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Gu’s Bistro dim sum experience

Weekend dim sum selection (photos by Becky Stein)

Weekend dim sum selection (photos by Becky Stein)

I recently reviewed Gu’s Bistro, a delightful Sichuanese restaurant located in a shopping center off Buford Highway. In my review I mentioned the menu is extensive and that it would take many visits to scratch the surface of what this restaurant offers. The restaurant’s dim sum experience is an example.

I mentioned in the review that Gu’s dim sum format is different from the “push cart” style common in Cantonese restaurants. It is prix fixe ($15) and dishes come out one by one.

Here are the descriptions of the dishes in the order they appear in the slideshow above:

Chile tofu marinated in soy – The first small item went down like a palate cleanser. The chewy sweet sticks of tofu are intensely flavored in soy sauce and pack a little heat from red chile oil.

Laba rice porridge – One of my dining companions complained that this warm rice porridge tasted like “nothing.” But I grew up eating Korean juk, which has a similar thick consistency and neutral flavor. This dish is revered by some Chinese prompting an annual festival where it is eaten to signify long term health and good fortune.

You cha – This was one of my favorites. Manager Yvonne Gu and her staff didn’t know how to translate what this is in English but think of it as another warm porridge-like dish topped with crunchy bits of Chinese cruller bread, beef, scallions and chile oil.

Peanut milk – This dish was also palate cleansing. The cool light milk was refreshing and contained raw bits of peanut.

Chengdu cold noodles - I praised this slick noodle dish flavored with sweet soy sauce and garlic in my main review of the restaurant. A small serving made an appearance.

Pan fried pork buns – These thick skin dumplings bare similarity to items you would find in a Cantonese dim sum experience. These were fun but can be a little challenging with chopsticks.

Fermented rice cake - I really enjoyed this spongy rice cake. It is fermented so the flavor is slightly raw and sour.

Wonton pork dumplings with shrimp – This was a fun and aesthetic dish. The dumpling contains a little dollop of pork filling in the center and the wrapper is pinched, but not enclosed, so the edges form a cool wavy design.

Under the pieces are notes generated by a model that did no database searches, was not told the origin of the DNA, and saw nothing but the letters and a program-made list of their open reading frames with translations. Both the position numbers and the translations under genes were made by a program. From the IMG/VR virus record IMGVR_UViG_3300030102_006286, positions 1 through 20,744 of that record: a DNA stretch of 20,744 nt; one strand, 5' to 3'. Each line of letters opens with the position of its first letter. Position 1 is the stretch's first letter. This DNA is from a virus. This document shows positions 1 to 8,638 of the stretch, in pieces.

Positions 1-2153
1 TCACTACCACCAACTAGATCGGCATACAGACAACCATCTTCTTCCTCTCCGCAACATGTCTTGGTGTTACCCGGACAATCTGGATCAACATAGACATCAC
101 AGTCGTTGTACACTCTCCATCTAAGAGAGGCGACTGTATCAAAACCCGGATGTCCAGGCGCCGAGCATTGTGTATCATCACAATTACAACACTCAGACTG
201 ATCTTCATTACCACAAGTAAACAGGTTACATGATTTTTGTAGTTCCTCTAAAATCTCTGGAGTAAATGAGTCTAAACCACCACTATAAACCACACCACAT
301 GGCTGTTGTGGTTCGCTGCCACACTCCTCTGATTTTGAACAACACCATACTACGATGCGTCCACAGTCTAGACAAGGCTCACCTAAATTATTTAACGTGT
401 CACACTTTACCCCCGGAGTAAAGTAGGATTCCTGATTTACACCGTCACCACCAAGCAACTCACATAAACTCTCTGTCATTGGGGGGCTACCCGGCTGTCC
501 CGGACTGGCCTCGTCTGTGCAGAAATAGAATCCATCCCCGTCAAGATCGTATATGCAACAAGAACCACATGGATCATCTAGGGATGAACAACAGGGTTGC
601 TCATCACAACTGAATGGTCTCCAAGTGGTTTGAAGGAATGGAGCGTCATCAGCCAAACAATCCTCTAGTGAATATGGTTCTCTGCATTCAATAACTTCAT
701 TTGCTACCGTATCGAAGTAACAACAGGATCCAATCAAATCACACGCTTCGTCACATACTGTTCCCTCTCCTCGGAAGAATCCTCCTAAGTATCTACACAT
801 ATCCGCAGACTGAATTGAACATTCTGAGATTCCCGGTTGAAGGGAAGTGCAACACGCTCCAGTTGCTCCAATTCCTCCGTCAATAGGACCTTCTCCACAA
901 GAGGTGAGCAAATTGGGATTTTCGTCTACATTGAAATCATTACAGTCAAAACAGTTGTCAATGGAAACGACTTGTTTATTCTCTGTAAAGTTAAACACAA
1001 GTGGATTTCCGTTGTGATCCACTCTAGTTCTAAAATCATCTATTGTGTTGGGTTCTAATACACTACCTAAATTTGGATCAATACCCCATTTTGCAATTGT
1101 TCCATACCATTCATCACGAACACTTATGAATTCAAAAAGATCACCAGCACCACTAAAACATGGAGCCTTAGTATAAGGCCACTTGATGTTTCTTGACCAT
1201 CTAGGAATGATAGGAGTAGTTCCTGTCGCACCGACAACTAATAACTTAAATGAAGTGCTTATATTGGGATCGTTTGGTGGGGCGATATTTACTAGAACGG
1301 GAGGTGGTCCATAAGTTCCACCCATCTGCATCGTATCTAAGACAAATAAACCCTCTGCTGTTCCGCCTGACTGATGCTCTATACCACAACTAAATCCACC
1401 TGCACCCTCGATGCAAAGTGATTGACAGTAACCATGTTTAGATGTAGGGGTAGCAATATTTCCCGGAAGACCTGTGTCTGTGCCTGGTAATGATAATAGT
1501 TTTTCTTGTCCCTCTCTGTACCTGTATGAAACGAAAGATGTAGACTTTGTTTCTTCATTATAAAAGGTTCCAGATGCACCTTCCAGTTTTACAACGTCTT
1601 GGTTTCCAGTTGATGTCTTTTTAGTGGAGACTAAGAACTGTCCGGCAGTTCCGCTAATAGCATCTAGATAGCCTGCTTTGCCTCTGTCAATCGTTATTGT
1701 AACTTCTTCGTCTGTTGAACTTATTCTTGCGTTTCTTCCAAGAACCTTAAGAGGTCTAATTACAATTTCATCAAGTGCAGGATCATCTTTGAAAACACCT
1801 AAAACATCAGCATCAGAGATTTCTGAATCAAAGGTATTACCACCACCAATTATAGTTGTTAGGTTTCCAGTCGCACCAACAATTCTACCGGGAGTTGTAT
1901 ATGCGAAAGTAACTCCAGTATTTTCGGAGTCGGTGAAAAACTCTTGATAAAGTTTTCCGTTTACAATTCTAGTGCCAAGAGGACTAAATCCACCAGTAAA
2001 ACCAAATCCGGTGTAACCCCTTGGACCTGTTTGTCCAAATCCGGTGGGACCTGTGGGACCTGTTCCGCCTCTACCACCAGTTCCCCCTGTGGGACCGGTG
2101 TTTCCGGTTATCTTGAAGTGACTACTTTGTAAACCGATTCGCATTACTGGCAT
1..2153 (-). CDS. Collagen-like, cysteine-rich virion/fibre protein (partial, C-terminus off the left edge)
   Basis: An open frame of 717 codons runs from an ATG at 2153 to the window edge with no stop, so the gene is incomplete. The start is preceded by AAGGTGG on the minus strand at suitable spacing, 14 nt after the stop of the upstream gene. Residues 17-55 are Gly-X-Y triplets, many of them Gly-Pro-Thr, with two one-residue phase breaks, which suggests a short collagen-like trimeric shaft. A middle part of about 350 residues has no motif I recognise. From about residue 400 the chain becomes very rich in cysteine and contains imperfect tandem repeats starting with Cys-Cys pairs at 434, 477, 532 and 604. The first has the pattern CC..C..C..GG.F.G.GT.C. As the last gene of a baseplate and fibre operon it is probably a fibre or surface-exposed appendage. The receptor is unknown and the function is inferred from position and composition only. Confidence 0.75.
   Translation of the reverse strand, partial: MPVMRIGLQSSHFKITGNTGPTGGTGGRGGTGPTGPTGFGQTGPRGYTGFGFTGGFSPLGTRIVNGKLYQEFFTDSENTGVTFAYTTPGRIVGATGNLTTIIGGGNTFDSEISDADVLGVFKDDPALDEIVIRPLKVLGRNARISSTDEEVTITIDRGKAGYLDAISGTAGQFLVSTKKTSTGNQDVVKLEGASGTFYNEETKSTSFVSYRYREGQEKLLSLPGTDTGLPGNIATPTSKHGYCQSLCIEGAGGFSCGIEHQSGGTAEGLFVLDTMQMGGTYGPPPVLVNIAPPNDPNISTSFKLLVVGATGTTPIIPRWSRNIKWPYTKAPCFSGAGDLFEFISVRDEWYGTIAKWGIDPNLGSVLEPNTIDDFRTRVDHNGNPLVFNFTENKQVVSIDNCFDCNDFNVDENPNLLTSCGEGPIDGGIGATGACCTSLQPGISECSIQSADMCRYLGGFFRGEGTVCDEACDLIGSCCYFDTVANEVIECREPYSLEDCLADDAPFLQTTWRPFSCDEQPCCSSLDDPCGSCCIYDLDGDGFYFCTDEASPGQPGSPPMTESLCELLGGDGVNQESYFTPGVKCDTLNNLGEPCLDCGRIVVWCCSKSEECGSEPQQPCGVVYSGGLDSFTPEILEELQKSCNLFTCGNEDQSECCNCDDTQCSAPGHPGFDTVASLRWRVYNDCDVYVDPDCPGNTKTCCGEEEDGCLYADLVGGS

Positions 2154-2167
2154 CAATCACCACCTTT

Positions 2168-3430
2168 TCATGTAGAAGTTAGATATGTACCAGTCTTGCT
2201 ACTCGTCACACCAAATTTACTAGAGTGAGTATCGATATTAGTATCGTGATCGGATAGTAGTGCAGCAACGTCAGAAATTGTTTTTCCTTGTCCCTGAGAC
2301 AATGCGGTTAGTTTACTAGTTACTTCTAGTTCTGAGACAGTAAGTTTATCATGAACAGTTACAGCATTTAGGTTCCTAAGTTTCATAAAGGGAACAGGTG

Half moon dumplings in chile oil – I’ve taken creative liberties with the name of this one. These half moon pork dumplings are boiled (or steamed) then finished with chile oil, scallions and garlic. These were my favorite dumplings.

Sticky rice balls – This bubbly treat was the first sweet item of the experience. The fermented rice cake and peanut milk were a tad sweet but not as dessert-like as these gooey sweet bean filled rice balls.

Fish fillet with pickled cabbage soup – Take wonton soup broth (or something tasting similar to it), add pickled cabbage leaves and then chunks of soft cooked fish. If any of you have been to Marietta’s Tasty China, they also have a version of this soup on its menu. I like Tasty’s China version better as it packs more heat and tang, but Gu’s is pretty good.

Beef rice noodle soup – This soup was my other favorite. Slithery rice noodles sit in a warm meaty broth and is topped with chunks of tender beef, fresh greens and soft tubes of bamboo. What’s not to like?

San Da Pao – The dim sum experience ends with this dish that reads like a Portuguese town. The name actually translates to “the three guns or cannons.” This is a Chengdu (capital city of Sichuan province) street snack that is prepared by taking balls of sweet sticky rice and throwing them against a pan containing ground sesame. The “pow” sounds from the balls hitting the tray are reminiscent of gunshots, hence its name. The rice ball — traditionally served in a trio — came in a shallow bowl containing a light sweet syrup. It was a nice ending to the experience.

Added bonus

I recently read on Gu’s Facebook feed that they are hosting a dim sum party this Sunday, June 19 at 1 p.m. This means that the minimum requirement of a party of ten has been met so they can start taking smaller or individual reservations.

Gu’s Bistro, 5750 Buford Highway, Suite A, Doraville. 770-451-8118.

- by Gene Lee, Food and More blog

– Gene Lee writes about International Cuisine for the AJC Dining Team. He also publishes his own blog, Eat, Drink, Man… A Food Journal.

8 comments Add your comment

Edward

June 15th, 2011
7:31 am

Mmmm, it all sounds great (except for the shrimp items that I can’t eat). I will have to try this soon.

Billie

June 15th, 2011
8:14 am

Yummmmmmmmmm!

1164mgc

June 15th, 2011
11:42 am

Interesting… I love learning about Asian foods from your posts. Thanks!

John Kessler

June 15th, 2011
11:57 am

Officially starving…

kmb

June 16th, 2011
9:34 am

Back to last week’s review, we went here and tried the boneless smoke tea duck ginger scallion. It is entirely different than the bone in version you described. What you had sounds much better than the boneless version, which was too much ginger and scallion and not enough duck. The shrimp with walnuts was fabulous. Beware of the peppers on the menu. They are the real thing. Hot here is hot!

Ghostcase Filla

June 16th, 2011
10:26 am

Edward

June 19th, 2011
9:19 am

Some friends and I dined at Gu’s last evening. I enjoyed it very much, the tea duck was indeed delicious, very moist. Also had a very fresh fish (it was swimming in a tank prior to ordering) in a rice wine sauce that was very nice. The twice-cooked pork with guokui was tasty, as well. The wait staff was very efficient and pleasant. I will be back.

Billy

June 19th, 2011
2:15 pm

Thank you for intoducing me to Nam Phuong. I have no idea which restaurant and I relish reviews. Your’s of NP steered me there and I loved my meal. Cheers!